Vincent Black Shadow – The Most Desirable Bike in the World?

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By Jim Blackstock

They say that beauty is in the eye of the beholder and that’s as applicable to motoring as it is to art, music or indeed, other people. But few can argue that this Vincent Black Shadow, recently sold in a Car & Classic auction for £75,000 and the highest price so far, is anything but stunning. It’s not only a wonderful creation in its own right, but it has been looked after throughout its life which, if it were human, would have seen it retiring five years ago and spending its time gardening and secretly feeding grandchildren sweets when their parents weren’t looking. 

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Vincent, as a brand, has a wonderful heritage, conceived during the pioneering years of aviation. Its story began in 1924 when former WW1 Royal Flying Corps pilot, Howard Raymond Davies, formed motorcycle manufacturer HRD Motors. Davies had been shot down in 1917 and was held prisoner until the end of hostilities and during that time, he formulated the basis of the motorcycles he would produce. 

While his bikes did well in racing, the company didn’t do so well in business and in 1928, it went into liquidation. 

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Enter young engineer Phil Vincent, who was looking for a way to start producing his own brand of motorcycles, having already built one and patented a new form of rear suspension. He bought the rights to the HRD name, its designs, jigs and all remaining hardware and formed HRD Vincent, re-locating the company to Stevenage, Hertfordshire. 

In 1931, Phil Irving joined HRD Vincent and, along with original HRD engineer EJ Massey, they set about revolutionising motorcycling. 

Original models used a variety of engines, from JA Prestwich (JAP) and Villiers with varying (read average to disastrous) degrees of success and it wasn’t long before Irving decided they needed to manufacture their own powerplant. The result was a 499cc single-cylinder motor which was used in the early Meteor and Comet bikes. Then, in 1936, Irving came up with the idea of effectively joining two of these single-cylinder engines together to form a V-twin, giving an improvement in performance.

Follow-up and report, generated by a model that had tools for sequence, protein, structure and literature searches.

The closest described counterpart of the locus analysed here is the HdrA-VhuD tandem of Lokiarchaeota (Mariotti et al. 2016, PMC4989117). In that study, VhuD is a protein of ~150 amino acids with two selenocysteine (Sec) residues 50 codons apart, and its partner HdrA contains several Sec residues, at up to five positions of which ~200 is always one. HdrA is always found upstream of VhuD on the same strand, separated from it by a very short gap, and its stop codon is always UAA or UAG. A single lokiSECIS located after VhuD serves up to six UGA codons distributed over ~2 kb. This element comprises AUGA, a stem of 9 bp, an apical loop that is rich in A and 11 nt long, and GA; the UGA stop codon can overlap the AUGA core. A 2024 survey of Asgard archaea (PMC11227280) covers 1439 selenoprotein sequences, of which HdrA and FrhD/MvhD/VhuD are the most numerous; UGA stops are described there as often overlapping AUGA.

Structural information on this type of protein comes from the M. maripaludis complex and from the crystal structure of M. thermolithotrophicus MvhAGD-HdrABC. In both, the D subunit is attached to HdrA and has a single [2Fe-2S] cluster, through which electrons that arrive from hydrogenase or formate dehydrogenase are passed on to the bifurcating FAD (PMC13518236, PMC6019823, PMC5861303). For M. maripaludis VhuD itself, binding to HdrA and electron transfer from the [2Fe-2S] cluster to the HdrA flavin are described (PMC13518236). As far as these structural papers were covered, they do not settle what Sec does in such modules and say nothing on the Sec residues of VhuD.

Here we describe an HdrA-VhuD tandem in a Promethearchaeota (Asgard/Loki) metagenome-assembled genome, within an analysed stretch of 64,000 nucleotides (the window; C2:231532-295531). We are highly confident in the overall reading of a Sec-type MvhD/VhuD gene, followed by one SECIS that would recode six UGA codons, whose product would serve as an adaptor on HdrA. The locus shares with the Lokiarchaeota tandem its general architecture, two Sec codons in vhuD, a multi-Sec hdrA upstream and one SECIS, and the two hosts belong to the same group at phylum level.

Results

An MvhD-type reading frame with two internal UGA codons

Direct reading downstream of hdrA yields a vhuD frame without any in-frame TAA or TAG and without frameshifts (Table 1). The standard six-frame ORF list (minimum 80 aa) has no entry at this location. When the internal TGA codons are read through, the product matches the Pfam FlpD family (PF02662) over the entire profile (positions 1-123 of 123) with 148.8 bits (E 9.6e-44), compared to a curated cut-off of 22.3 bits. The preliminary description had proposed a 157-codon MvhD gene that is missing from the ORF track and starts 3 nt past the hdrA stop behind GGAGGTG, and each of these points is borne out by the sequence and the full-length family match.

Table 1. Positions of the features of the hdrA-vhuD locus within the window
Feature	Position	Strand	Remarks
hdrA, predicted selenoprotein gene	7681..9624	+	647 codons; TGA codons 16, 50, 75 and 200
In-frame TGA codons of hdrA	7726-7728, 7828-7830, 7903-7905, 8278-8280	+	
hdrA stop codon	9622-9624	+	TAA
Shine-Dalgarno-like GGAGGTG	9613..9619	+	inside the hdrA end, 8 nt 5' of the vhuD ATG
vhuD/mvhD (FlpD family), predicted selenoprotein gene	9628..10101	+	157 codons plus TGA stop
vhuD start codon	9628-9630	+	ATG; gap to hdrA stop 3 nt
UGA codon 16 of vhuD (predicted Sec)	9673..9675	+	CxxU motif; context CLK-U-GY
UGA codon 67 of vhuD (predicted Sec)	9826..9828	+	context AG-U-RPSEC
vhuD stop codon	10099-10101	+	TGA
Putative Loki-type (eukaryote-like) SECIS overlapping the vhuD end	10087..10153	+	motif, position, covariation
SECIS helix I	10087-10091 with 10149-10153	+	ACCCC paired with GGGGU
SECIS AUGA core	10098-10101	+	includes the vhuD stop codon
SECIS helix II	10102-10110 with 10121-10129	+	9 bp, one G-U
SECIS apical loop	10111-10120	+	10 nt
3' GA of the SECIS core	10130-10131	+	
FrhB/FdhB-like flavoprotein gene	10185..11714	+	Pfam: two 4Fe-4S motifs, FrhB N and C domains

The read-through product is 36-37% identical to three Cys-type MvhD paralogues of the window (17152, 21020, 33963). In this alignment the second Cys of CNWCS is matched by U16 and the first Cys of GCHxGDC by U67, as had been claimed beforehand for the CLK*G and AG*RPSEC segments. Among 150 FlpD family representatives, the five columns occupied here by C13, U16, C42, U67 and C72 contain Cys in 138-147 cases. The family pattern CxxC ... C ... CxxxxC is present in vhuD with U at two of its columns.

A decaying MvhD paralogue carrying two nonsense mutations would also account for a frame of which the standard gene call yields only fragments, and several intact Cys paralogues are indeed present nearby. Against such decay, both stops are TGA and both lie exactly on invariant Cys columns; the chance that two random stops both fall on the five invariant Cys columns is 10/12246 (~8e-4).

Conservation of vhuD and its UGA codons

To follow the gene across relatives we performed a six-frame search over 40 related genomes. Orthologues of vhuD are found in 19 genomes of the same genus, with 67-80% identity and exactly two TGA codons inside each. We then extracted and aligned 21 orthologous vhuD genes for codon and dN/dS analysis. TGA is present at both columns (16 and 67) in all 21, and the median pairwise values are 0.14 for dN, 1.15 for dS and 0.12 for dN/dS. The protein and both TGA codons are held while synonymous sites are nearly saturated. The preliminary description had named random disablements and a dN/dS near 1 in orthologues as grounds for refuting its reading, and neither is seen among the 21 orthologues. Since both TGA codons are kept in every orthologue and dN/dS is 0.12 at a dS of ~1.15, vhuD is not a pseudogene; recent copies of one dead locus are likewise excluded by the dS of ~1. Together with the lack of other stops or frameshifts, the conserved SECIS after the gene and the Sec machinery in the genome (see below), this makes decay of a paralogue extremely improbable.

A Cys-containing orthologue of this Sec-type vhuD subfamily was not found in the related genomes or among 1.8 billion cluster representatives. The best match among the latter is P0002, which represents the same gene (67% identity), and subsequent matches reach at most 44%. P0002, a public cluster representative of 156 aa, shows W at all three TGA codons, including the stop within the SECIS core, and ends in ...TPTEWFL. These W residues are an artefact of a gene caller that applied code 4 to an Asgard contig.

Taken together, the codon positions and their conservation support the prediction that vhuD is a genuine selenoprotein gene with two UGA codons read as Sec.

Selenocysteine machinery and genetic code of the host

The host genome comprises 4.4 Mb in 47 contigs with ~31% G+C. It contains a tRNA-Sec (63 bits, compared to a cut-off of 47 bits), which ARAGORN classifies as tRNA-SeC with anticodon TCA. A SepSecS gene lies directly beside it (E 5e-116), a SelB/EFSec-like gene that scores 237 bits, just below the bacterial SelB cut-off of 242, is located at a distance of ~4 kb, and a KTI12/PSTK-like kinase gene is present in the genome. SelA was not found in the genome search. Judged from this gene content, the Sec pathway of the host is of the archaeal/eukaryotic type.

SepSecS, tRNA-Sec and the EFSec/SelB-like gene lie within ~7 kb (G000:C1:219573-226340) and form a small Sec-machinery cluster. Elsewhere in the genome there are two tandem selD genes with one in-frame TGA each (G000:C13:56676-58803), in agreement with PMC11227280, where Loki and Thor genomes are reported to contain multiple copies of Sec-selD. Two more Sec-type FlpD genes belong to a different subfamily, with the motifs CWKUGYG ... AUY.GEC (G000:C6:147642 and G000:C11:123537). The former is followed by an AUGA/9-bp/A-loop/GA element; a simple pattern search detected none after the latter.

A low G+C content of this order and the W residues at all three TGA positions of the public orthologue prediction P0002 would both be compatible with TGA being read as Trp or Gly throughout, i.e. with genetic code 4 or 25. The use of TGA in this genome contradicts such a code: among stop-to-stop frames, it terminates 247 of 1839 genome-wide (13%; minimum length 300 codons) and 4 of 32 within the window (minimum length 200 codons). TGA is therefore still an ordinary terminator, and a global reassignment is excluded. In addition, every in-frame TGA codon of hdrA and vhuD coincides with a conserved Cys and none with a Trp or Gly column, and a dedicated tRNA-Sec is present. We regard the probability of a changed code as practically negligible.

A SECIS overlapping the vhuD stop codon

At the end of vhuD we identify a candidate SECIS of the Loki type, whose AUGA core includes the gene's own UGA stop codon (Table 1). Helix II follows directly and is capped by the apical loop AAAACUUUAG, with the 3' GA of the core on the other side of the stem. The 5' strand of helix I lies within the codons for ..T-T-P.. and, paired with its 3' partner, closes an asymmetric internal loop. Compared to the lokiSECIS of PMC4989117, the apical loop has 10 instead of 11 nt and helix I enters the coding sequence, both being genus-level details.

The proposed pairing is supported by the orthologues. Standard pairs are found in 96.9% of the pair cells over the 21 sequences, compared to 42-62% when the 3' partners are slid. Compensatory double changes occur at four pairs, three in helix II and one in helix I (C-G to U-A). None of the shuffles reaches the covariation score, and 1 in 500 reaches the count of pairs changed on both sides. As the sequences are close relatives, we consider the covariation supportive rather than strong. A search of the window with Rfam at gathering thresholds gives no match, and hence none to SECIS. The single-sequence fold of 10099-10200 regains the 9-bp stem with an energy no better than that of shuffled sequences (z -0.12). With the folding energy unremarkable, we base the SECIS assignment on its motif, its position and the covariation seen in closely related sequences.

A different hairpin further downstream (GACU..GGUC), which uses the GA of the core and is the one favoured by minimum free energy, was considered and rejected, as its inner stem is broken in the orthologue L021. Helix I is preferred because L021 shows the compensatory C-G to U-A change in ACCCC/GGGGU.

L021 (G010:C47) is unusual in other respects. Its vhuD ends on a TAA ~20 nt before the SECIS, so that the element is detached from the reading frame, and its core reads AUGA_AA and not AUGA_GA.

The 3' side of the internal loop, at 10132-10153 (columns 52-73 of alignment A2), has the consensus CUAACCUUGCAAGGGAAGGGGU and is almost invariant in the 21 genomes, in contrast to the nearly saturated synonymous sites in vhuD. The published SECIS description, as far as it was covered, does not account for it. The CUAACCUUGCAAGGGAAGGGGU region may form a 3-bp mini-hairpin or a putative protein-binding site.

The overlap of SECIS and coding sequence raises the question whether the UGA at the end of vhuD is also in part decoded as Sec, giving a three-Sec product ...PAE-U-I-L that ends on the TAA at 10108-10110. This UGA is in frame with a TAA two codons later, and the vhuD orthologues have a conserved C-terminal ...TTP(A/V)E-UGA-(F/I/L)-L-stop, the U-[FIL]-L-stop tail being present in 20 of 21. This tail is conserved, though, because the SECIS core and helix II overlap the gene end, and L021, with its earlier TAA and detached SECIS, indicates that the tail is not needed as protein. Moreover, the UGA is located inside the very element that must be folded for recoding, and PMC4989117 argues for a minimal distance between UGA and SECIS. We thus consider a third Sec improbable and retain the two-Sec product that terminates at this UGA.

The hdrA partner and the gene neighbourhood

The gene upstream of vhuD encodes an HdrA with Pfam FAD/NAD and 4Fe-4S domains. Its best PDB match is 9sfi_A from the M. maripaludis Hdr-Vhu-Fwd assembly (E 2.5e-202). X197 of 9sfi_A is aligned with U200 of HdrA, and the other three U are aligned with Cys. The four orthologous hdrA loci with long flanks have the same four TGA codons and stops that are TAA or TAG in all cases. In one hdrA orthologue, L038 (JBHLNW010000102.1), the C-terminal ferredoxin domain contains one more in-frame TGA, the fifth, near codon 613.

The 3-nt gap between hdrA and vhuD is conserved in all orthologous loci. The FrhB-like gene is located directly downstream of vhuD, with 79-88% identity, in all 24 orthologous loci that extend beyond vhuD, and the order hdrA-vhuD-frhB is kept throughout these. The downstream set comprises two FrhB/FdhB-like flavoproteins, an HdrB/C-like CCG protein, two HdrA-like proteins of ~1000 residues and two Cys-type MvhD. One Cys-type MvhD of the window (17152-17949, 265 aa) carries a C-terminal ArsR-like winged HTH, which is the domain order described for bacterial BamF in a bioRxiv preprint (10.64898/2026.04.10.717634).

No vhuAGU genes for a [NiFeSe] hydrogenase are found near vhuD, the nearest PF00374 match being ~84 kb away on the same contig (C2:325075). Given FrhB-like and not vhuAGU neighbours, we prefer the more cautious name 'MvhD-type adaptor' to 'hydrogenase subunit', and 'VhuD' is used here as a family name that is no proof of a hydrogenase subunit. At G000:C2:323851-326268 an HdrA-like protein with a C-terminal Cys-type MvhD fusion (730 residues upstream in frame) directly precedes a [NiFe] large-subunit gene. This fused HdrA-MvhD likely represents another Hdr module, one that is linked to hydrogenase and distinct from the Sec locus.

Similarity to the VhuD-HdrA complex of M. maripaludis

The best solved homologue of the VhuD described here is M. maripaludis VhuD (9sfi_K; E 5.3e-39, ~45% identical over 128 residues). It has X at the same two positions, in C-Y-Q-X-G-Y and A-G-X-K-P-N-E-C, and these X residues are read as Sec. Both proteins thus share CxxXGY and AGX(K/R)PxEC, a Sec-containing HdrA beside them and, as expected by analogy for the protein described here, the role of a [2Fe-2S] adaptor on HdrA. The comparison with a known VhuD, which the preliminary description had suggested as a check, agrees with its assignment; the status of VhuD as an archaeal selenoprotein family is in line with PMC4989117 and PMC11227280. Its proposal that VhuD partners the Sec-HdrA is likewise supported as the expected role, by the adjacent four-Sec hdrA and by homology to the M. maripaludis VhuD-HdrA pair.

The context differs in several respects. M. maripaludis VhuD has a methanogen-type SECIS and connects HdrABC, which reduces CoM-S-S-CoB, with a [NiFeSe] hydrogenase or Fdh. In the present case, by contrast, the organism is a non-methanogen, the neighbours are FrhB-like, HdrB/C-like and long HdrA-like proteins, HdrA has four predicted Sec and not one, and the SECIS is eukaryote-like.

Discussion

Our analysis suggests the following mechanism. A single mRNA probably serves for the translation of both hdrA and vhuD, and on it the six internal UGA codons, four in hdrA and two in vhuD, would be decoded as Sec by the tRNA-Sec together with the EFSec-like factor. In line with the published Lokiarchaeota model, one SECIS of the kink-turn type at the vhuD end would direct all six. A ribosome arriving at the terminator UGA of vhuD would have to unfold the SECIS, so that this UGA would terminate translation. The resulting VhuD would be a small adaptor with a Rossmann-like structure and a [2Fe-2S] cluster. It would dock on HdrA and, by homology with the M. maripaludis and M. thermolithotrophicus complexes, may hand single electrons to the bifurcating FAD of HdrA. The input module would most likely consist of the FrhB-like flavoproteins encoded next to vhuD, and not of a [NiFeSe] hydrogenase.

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The first bike fitted with the V-twin was the Series-A Rapide that used a host of innovative features, including the cantilever suspension. 

With the outbreak of the Second World War, production shifted from motorcycles to munitions, though Vincent engines were also put to use in a variety of applications. 

Following the end of the war, production resumed with the introduction of the Series-B Rapide. This was a far more developed motorcycle, with a unit construction (engine and transmission sharing the same casing) which allowed it to become a stressed member and the motorcycle as a whole to be stiffer and lighter. 

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Two years later, the Series-C Rapide was introduced, using Vincent and Irving’s front-suspension girder forks but for the first time, with hydraulic damping. Like the Series B, it was offered in two states of tune; the 45bhp Rapide or the 55bhp Black Shadow. A racing version of the Black Shadow, the Black Lightning, went on to set the land speed record at the Bonneville Salt Flats in 1948 with racer Rollie Free riding, lying on the seat and wearing only swimming trunks.